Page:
the vehicle’s wiring diagram to determine which wire
controls the starter circuit. In some manual transmission vehicles, the security system manufacturer may
suggest interrupting the clutch switch, if no dedicated
starter wire is present. Any starter interrupt connections to vehicle wiring should be soldered. Follow the
specific security system installation instructions for
connection of a starter interrupt relay.
Siren, LED, and Valet Switch
The siren should install under the hood facing downward so it does not collect water. The
security system provides a positive or negative output to power the siren. The siren has two
wires. One connects to the output of the system; the other connects to the opposite polarity
of the output (see below):
• If the system provides a positive siren output, connect to the positive siren wire. The remaining siren wire must connect to chassis ground.
• If the system provides a negative siren output, connect to the negative siren wire. The
remaining siren wire must connect to the same source of +12 volts as the main security
system power.
The LED status indicator light is a theft-deterrent feature that confirms the
armed/disarmed status of the security system. The LED can be built into an
extended range antenna that attaches to the windshield or it can stand-alone by
mounting it through a small hole drilled in a dash panel. The LED should be visible from both sides of the vehicle. A stand-alone LED has two wires and usually
has a specific plug-in connector to the security system control unit for straightforward connection. Follow the specific security system installation instructions
for mounting and connecting the LED.
Security System Siren
LED indicators should be mounted in
switch blanks or other panels that can
be replaced
Many systems include a valet switch that, when combined with the use of the
ignition key, temporarily bypasses the security system. Install the valet switch
within reach of the driver’s left hand, while seated. If the valet switch is built into
an extended range RF antenna, additional wired connections are not needed.
Valet switch location under the left of
driver’s side dash
Car Electronics Resource Center
Car Security Installation Guide
Page 9
Beginning the Installation
Prepare Security System Wire Harness
Follow these instructions to prepare the wiring harness for the security system:
1) Place the security system control unit on a workbench or stable surface.
2) Plug all wiring harnesses into the control unit, except sensors with pre-terminated plug-in connections.
3) Separate the wires into groups based on where the wires will be routed and the location of the control unit (typically under the driver’s side dash). Common examples of wire groups are:
a. Wires routed under the hood – siren, main +12 volt power, hood pin switch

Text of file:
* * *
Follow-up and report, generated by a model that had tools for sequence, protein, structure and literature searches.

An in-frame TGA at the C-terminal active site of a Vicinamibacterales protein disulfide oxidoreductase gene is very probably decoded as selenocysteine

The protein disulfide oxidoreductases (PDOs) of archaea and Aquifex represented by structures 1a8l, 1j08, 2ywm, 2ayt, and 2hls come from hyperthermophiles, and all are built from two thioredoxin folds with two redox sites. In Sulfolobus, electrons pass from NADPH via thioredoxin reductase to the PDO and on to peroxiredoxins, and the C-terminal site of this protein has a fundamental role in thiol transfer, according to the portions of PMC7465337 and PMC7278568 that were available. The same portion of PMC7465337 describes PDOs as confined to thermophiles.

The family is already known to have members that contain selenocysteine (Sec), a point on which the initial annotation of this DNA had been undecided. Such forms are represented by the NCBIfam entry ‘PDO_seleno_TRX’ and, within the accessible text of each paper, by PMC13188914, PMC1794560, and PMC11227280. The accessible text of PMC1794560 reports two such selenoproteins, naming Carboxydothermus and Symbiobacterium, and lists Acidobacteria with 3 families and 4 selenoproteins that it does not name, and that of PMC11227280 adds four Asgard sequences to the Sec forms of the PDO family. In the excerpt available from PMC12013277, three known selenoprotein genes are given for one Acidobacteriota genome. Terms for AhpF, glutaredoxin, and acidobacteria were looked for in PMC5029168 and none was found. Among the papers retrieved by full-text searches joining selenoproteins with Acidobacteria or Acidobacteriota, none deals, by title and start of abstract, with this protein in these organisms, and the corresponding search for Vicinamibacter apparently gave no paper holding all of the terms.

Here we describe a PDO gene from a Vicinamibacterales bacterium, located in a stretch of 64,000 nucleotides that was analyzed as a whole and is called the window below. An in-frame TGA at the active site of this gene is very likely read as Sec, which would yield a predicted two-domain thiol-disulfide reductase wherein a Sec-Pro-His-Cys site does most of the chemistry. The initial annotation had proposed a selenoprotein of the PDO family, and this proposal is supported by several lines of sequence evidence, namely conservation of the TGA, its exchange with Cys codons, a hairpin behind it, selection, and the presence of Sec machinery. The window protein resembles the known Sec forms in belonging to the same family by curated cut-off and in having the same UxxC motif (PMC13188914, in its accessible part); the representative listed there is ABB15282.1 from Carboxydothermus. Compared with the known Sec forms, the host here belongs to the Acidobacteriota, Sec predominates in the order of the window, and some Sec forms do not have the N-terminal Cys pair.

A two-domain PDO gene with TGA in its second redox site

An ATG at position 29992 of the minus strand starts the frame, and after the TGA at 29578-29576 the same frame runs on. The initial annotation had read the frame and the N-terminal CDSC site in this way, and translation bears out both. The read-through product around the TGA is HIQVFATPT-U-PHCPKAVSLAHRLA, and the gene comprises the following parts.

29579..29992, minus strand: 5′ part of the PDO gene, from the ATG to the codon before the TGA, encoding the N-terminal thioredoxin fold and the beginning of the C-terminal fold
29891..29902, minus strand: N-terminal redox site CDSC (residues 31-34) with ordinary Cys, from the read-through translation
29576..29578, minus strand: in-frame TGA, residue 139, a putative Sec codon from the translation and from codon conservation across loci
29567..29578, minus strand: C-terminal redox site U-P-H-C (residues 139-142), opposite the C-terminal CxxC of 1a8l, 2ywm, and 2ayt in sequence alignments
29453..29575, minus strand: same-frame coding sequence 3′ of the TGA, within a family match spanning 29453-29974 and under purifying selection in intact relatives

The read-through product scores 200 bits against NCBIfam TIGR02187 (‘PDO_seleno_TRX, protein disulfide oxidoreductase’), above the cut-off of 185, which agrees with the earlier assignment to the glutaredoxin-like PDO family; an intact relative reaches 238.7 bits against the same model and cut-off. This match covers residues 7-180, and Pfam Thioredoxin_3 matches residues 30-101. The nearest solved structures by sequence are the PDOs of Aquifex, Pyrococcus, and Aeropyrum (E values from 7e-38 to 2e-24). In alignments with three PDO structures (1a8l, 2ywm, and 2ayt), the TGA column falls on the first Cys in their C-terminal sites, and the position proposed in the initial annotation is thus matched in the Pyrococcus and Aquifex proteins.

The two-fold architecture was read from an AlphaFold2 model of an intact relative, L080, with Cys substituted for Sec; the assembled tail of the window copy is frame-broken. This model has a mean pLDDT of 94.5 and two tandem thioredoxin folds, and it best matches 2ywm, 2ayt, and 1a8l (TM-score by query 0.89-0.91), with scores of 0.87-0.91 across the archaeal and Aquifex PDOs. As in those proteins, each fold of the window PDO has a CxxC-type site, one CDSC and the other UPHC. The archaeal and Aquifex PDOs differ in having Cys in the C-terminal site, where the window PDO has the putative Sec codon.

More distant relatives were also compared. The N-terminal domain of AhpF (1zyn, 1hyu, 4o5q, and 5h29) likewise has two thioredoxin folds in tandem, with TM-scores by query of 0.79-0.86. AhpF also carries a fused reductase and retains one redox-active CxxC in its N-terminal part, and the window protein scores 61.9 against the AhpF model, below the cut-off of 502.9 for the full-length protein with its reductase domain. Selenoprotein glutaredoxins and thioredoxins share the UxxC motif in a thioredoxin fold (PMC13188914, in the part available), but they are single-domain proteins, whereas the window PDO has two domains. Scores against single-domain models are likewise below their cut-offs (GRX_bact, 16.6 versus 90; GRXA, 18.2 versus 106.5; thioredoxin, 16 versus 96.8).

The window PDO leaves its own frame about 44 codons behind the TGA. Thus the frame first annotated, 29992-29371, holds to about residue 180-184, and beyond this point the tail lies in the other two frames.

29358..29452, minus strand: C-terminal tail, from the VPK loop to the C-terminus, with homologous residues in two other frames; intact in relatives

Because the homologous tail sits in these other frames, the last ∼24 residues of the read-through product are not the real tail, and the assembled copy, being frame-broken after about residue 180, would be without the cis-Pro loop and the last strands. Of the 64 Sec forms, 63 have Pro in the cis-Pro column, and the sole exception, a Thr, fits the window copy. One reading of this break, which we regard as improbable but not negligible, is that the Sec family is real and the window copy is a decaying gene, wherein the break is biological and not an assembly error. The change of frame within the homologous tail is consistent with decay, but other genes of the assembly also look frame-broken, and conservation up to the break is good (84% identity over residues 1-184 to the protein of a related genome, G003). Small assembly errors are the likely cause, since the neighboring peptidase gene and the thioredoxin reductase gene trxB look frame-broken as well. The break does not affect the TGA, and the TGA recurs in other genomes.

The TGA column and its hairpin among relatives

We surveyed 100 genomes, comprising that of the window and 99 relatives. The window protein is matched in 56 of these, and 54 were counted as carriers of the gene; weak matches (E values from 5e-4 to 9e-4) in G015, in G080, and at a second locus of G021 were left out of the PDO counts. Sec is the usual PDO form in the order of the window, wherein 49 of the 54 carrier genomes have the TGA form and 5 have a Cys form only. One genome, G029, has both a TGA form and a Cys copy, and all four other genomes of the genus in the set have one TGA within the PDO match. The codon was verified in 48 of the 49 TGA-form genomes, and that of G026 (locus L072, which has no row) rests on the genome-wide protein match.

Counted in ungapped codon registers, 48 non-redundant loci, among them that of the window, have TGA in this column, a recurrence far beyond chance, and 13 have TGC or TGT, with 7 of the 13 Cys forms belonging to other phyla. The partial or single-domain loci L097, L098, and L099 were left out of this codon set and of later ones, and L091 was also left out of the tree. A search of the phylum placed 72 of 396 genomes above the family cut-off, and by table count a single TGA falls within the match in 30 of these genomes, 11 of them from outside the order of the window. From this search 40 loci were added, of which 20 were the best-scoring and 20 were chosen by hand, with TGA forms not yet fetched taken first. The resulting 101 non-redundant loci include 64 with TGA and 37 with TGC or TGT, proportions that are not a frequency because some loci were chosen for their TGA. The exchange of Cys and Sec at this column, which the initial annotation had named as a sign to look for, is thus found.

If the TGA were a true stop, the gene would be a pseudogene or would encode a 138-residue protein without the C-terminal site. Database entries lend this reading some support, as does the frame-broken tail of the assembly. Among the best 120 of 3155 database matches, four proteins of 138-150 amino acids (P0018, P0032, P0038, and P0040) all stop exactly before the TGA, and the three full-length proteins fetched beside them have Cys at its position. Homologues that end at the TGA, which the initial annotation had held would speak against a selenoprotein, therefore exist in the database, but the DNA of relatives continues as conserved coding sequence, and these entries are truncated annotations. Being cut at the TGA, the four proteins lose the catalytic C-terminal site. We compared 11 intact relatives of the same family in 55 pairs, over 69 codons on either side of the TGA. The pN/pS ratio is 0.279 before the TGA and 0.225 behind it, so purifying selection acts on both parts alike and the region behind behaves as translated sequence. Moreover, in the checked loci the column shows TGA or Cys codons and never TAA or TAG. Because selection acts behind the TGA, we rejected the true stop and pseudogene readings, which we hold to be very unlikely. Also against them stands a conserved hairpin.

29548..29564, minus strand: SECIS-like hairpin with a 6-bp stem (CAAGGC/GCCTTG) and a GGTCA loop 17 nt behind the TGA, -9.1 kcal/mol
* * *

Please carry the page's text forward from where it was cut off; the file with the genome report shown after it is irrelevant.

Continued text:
b. Wires routed to the ignition switch harness area – primary ignition and starter interrupt
c. Wires routed to the kick panel area – flashing lights, door pin trigger(s), door lock/unlock, chassis ground for
the security system
d. Wires routed to the trunk – trunk pin switch, possibly other door triggers (such as side doors in a van or isolated doors in a 4 door vehicle)
4) Every six inches, tape or zip tie the wires together to keep the wiring organized. You can wrap wires in a group
with electrical tape to completely hide the wire colors and give them a factory-like appearance.
Separate wires into groups that route to specific areas
where they will connect to vehicle wiring
5) The wire length supplied with the security system is typically sufficient to make connections in and around the
dash area where the control unit is installed. For wiring extending into the engine compartment or the rear of the
vehicle, security system harness wires can be extended by soldering or crimping extra wire, 18 AWG or larger
(available on, as needed. The length required can be estimated with a measuring tape between the
dash area and the final connection point of the extended wire(s).
Additional wiring needs depend on the specific security system but may include:
• LED (generally placed in the center of the dash area)
• Valet Switch (generally placed under the dash near the driver’s side kick panel)
• Extended Range RF Antenna (generally placed on the windshield, if present)
• External Sensors (refer to the sensor installation manual for suggested placement and wiring)
Car Electronics Resource Center
Car Security Installation Guide
Page 10
Beginning the Installation (Continued)
Disassembly Guidelines
Observe these guidelines when removing panels under the dash, kick panels, door sill panels, ‘A-pillar’ windshield
trim and/or trim panels on the dashboard:
•Clear and unobstructed access to the area under the dash (below the steering wheel) is required to make most
connections. This often requires removal of plastic or leather cosmetic panels, as well as metal sub-dash structural
•Always use a plastic pry tool to remove panels. Wedge the pry tool into the panel seam and gently pry to release
the panel clip(s).
•Do not use screwdrivers to pry off plastic or upholstered panels. This will scratch or gouge the panels.
•If there are multiple panels that interlock, determine which panel is underneath, or on top, or if the panels are fit
together with hidden clips. Look for seams between panels where one panel ends and another begins. This may